fat loss women versus men

Fat Loss For Women Versus Men

The Unique Science of Women’s Metabolism

There’s a common myth that fat loss is harder for women versus men. In fact, women are metabolically healthier than men due to higher estrogen levels. For example, women have better insulin sensitivity, less belly fat, and lower levels of fat circulating in their bloodstream.

 The reality is that losing fat is hard for everyone. Women are prone to certain issues that may impair fat loss, such as increased stress and anxiety about body image that can encourage poor eating habits.

 This article will provide facts about women’s metabolic function with tips for optimizing body composition.

Women and men burn fat and carbs differently.

At rest, women burn more glucose (carbs) and less fat than men. They also tend to store more fat after eating, which contributes to their higher body fat percentage.

 However, women rely on fat for fuel during exercise to a greater degree than men. This makes exercise absolutely essential for women who want to lose fat because it improves metabolic flexibility. Metabolic flexibility is the ability to easily switch from burning glucose to fat.

Women and men store body fat different differently.

Women tend to store fat right below the skin. Men have more dangerous visceral fat. Visceral fat is metabolically active and a risk for cardiovascular health and insulin resistance. For women, having a reasonable amount of lower body fat indicates better health and less heart disease risk. 

Fat loss patterns occur differently in women and men.

Women tend to lose fat from the upper body first. They have a harder time losing lower body fat. Women’s bodies preferentially store fat for pregnancy in the lower body. They have a greater number of alpha receptors in this region than men. The combination of alpha receptors and estrogen inhibits fat loss. Men have a higher total proportion of beta receptors, which makes it easier for them to burn fat. 

Excess stress impacts women’s hormones differently than men’s. 

Stress leads to persistent release of the stress hormone cortisol. Cortisol’s primary function is to increase blood sugar so you have enough energy to get through a stressful situation.

When this becomes chronic, the body turns the hormone pregnenolone, which is a precursor to estrogen and testosterone, into progesterone. Progesterone is used to make cortisol and aldosterone. Together these hormones lead to greater fat storage and more fluid retention. Not only will you have more cortisol, but you’ll have less estrogen and testosterone.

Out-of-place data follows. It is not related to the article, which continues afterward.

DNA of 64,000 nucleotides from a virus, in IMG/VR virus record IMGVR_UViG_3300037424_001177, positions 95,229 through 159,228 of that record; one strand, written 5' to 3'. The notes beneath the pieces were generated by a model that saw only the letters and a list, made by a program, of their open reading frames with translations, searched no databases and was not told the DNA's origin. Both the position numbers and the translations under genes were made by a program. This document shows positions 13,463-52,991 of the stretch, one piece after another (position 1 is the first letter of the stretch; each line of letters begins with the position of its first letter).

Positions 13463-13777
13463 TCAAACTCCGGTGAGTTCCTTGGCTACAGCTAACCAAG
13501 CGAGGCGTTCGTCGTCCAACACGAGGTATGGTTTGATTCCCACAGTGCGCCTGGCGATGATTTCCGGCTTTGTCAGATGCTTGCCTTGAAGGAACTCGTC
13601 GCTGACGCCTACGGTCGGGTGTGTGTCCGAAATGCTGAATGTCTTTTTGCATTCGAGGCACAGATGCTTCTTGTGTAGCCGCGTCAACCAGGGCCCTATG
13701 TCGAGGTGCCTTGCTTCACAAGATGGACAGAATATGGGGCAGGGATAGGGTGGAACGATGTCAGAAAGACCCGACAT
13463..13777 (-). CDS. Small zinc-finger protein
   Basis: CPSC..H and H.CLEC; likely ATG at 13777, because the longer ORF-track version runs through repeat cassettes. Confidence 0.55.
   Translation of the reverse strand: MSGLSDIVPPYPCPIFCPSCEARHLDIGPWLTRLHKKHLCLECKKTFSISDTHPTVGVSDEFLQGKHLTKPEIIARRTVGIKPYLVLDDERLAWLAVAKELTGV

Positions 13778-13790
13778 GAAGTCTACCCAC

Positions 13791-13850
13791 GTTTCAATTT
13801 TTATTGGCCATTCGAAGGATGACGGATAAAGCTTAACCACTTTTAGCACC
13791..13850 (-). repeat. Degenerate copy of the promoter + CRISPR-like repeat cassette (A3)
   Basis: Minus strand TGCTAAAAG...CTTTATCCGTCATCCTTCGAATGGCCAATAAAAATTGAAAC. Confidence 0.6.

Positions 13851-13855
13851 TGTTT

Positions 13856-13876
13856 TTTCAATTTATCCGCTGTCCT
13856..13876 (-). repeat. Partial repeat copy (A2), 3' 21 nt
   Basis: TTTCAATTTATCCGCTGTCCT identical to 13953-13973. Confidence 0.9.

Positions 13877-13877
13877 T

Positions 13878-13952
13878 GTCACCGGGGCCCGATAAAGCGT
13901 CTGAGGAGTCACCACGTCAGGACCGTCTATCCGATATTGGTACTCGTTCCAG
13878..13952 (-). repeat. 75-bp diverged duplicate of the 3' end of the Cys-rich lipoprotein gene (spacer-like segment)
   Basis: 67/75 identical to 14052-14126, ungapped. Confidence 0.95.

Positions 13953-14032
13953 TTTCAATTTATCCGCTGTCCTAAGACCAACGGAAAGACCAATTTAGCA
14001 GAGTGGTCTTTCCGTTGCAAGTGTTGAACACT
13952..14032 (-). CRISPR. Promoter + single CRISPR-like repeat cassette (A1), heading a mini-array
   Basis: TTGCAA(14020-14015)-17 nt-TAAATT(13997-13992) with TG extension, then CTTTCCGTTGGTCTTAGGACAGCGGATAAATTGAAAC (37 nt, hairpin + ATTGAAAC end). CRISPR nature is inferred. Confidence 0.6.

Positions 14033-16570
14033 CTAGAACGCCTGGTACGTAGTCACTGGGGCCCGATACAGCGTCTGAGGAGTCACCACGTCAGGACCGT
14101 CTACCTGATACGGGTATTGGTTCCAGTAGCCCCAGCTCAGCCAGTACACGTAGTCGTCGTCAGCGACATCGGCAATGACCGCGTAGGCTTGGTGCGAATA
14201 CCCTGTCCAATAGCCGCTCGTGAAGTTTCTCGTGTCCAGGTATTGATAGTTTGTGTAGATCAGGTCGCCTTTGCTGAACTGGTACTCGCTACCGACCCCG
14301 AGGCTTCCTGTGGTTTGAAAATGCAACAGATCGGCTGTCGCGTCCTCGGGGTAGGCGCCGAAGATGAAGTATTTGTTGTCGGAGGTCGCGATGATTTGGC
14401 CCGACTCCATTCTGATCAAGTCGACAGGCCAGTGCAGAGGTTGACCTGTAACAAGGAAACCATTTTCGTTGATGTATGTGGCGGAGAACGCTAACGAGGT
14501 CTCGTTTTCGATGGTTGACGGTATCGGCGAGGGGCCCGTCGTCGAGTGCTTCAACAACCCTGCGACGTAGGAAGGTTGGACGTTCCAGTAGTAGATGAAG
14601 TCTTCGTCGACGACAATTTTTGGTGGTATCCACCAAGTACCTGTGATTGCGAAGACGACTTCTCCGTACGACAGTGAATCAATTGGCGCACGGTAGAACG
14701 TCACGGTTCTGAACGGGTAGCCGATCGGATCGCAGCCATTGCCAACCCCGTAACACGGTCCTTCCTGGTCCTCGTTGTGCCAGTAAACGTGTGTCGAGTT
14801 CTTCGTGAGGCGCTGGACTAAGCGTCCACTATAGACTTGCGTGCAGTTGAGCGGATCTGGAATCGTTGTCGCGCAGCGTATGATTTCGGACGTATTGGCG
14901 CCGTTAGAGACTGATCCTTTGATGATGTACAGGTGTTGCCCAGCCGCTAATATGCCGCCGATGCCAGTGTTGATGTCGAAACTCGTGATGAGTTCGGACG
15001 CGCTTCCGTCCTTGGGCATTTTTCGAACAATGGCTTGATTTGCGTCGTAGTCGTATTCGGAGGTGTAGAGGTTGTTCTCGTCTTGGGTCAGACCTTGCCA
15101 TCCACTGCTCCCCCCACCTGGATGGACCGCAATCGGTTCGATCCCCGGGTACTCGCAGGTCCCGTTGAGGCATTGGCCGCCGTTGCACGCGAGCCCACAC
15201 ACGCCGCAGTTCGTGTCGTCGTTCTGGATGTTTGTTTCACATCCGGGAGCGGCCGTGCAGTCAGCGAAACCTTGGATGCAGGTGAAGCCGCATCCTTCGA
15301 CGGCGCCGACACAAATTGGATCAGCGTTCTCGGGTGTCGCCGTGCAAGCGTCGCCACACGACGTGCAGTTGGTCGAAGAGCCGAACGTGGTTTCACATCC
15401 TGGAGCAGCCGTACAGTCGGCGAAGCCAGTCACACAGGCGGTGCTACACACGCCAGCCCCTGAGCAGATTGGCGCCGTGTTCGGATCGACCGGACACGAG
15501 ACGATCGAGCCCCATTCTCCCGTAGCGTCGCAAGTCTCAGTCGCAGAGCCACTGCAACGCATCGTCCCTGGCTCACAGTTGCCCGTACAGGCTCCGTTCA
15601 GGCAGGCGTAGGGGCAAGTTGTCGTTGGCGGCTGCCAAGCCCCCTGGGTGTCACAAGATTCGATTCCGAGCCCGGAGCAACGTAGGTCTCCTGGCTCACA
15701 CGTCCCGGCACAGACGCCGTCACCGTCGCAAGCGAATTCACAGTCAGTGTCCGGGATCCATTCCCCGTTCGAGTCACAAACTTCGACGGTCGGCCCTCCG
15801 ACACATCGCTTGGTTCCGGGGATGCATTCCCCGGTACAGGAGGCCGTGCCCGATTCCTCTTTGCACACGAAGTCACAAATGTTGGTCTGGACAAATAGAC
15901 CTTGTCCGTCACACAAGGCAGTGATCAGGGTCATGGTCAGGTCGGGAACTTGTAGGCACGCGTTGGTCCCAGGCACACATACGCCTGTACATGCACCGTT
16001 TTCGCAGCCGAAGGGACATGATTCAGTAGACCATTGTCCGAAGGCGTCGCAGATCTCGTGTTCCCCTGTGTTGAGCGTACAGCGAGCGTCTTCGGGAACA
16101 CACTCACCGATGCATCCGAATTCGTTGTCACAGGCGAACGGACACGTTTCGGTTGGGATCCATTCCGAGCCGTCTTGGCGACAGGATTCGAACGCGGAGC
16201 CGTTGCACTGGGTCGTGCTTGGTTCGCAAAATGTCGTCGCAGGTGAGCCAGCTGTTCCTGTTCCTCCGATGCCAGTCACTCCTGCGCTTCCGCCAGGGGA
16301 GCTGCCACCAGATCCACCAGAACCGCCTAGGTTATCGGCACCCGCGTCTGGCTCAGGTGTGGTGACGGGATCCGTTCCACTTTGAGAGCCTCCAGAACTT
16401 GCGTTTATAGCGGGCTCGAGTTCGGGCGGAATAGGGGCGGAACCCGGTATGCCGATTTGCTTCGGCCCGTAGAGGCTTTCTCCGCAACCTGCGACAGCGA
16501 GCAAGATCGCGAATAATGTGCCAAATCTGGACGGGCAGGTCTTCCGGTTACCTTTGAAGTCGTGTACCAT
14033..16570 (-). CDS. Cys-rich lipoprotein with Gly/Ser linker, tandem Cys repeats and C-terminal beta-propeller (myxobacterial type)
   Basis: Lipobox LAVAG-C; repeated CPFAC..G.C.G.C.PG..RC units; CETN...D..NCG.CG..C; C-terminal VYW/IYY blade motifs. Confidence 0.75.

Women with lower testosterone than normal have a disadvantage when it comes to fat loss. Although elevated estrogen is not beneficial for fat loss, low estrogen isn’t either. Low estrogen inhibits the greater fat burning that women experience during exercise.

What to do about these differences?

The first step is to stop relying on advice based on men’s metabolism. It’s time for women to seek out recommendations based on their unique metabolic function.

 Plan Carb Intake Wisely

Although women may be able to handle more carbs in their diet than men due to better insulin sensitivity, they still need to plan nutrition carefully to ensure metabolic flexibility. Metabolic flexibility means the body is capable of burning fat for energy. This can be impaired by a high-carb diet, especially one that contains a lot of simple carbs. By limiting carbohydrates at certain times it is possible to force your body to burn fat. For example, try eating lower carb on a day when you aren’t training. Go higher carb on workout days.

Train Weights & Sprints

Shifting away from long-slow cardio to doing intense weight training and sprinting improves metabolic flexibility. Because women rely more on fat for fuel during exercise, incorporating anaerobic training can help with “stubborn” fat loss. Research shows that adding a strength program to an aerobic exercise protocol produces superior fat loss. One study found that strength training helped kickstart fat loss, resulting in nearly doubling the total reduction in body fat compared to aerobic training alone. Scientists suggest that the higher intensity of resistance exercise helps to stimulate fat burning.

Cope With Stress

Finally, it’s important to make the effort to adopt a stress management plan. Getting good sleep can help. Try improving your circadian rhythm by having a set bedtime and wake time. Eat at the same times daily. When you optimize your biorhythms, you can promote balance and optimal health. When you go against the clock, the innate rhythms are disrupted. This will increase stress and make fat loss much more difficult.

 

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